From the Soldier side: I'm trying to sort out what sort of Christmas story I should write this year. But, some of my readers (I think I have 2 or 3) wanted me to finish the story about "D" and his love problems. I really hate writing about things like that. How about I tell the story of the first time I got to repel! Now that was a good time.
There I was, in some foreign country in my younger days as a Grunt. We had been out in the "field" for a few weeks doing weapons and tactics training during the day and getting drunk at night. That was the "Old Army" and my liver and other body parts were still in pretty good shape.
Our infantry battalion was about done with our training in this little village and the battalion commander thought it would be nice for us to put on a little Army parade and show for the nice citizens. Word went out that they were looking for volunteers to put on a helicopter demonstration. I stuck up my hand.
(Note: The US Army has what they call “Air Assault” units. The have an “Air Assault” school that soldiers attend to learn how to properly do an air assault. What you learn is pretty much how to get into and out of a helicopter without hurting yourself. Although in those days and later in my National Guard career, I had gone on many helicopter rides, I had never attended any proper schools on such things. I learned on the go.)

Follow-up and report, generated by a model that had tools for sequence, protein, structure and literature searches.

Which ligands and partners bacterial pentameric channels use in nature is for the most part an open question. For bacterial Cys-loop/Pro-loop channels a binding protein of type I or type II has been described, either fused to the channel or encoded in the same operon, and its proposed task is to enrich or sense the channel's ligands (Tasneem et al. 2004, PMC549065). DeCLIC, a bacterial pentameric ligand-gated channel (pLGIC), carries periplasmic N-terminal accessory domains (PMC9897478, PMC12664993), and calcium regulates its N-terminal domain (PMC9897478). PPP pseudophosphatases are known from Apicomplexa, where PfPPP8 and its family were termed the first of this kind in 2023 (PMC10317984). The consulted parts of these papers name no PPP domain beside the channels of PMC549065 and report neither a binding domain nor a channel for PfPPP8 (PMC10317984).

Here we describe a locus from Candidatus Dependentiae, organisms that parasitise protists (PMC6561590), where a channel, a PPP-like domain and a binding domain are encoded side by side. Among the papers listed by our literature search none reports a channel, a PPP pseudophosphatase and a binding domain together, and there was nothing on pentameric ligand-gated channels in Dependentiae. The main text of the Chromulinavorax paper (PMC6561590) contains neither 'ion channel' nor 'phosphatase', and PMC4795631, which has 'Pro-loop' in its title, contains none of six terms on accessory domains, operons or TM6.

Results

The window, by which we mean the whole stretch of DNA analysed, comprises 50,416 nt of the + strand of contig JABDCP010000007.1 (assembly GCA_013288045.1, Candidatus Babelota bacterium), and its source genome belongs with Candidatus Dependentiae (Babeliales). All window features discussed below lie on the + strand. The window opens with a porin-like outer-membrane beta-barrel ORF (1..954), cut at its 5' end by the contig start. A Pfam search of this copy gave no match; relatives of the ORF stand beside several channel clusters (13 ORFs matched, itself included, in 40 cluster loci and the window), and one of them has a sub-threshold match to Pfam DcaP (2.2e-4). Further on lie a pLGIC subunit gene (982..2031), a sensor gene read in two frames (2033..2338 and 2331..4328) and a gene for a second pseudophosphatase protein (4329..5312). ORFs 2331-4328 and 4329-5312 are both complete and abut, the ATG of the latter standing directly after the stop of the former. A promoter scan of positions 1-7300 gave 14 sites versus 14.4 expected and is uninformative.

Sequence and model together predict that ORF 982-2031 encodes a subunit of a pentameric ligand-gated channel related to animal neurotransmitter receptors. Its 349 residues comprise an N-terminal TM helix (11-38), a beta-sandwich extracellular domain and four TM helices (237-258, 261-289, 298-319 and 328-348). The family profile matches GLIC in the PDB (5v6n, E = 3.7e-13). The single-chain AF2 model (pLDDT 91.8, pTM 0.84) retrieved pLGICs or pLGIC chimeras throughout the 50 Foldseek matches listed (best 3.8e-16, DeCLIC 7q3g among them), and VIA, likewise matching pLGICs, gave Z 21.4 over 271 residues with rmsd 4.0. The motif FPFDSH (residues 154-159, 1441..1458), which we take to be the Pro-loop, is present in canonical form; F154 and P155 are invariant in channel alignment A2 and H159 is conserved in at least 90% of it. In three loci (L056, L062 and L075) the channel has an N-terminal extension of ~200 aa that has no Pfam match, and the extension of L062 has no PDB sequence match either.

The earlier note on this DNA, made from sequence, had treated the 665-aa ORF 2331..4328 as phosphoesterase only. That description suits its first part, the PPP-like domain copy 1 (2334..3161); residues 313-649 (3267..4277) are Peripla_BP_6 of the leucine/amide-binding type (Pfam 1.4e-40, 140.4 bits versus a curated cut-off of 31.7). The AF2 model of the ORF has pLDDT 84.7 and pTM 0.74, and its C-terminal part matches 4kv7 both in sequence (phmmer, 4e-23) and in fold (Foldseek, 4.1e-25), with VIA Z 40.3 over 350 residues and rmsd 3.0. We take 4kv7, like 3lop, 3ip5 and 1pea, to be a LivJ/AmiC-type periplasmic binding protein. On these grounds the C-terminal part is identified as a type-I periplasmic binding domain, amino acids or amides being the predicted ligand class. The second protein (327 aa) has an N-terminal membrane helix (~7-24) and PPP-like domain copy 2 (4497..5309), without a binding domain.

I was looking forward to my first “Air Assault” from an H1 Huey helicopter…this is Viet Nam vintage---which the USMC still uses. When I got to where the 2 helicopters were sitting, I was introduced to a few other soldiers. The big difference between them and me?--- They had Air Borne wings on their uniforms. I didn’t because I was never schooled and never thought of jumping out of a perfectly good airplane.
As we began to get briefed, a crusty old Sergeant First Class (E-7) was explaining how the Huey’s were going to fly over the crowd of locals and our job was to repel out the side and land on the ground. Where cold beer would be waiting.
I looked at another sergeant standing next to me and I asked him how you did something like that. He told me: “I’ll show you how to hook up the harness, then you just stand on the skid and jump off feet first. Brake the fall by bringing the rope into like this (he demonstrated) and make sure you are not going too fast or it hurts when you hit the ground.”
They fixed me up in the harness thing and, being that I was only 20 years old, I was eager to try anything. I hit the ground hard. Ouch! That was dumb. I should have taken the full class first. These days, I don't think the Army would let an untrained soldier do something like that...but maybe they would.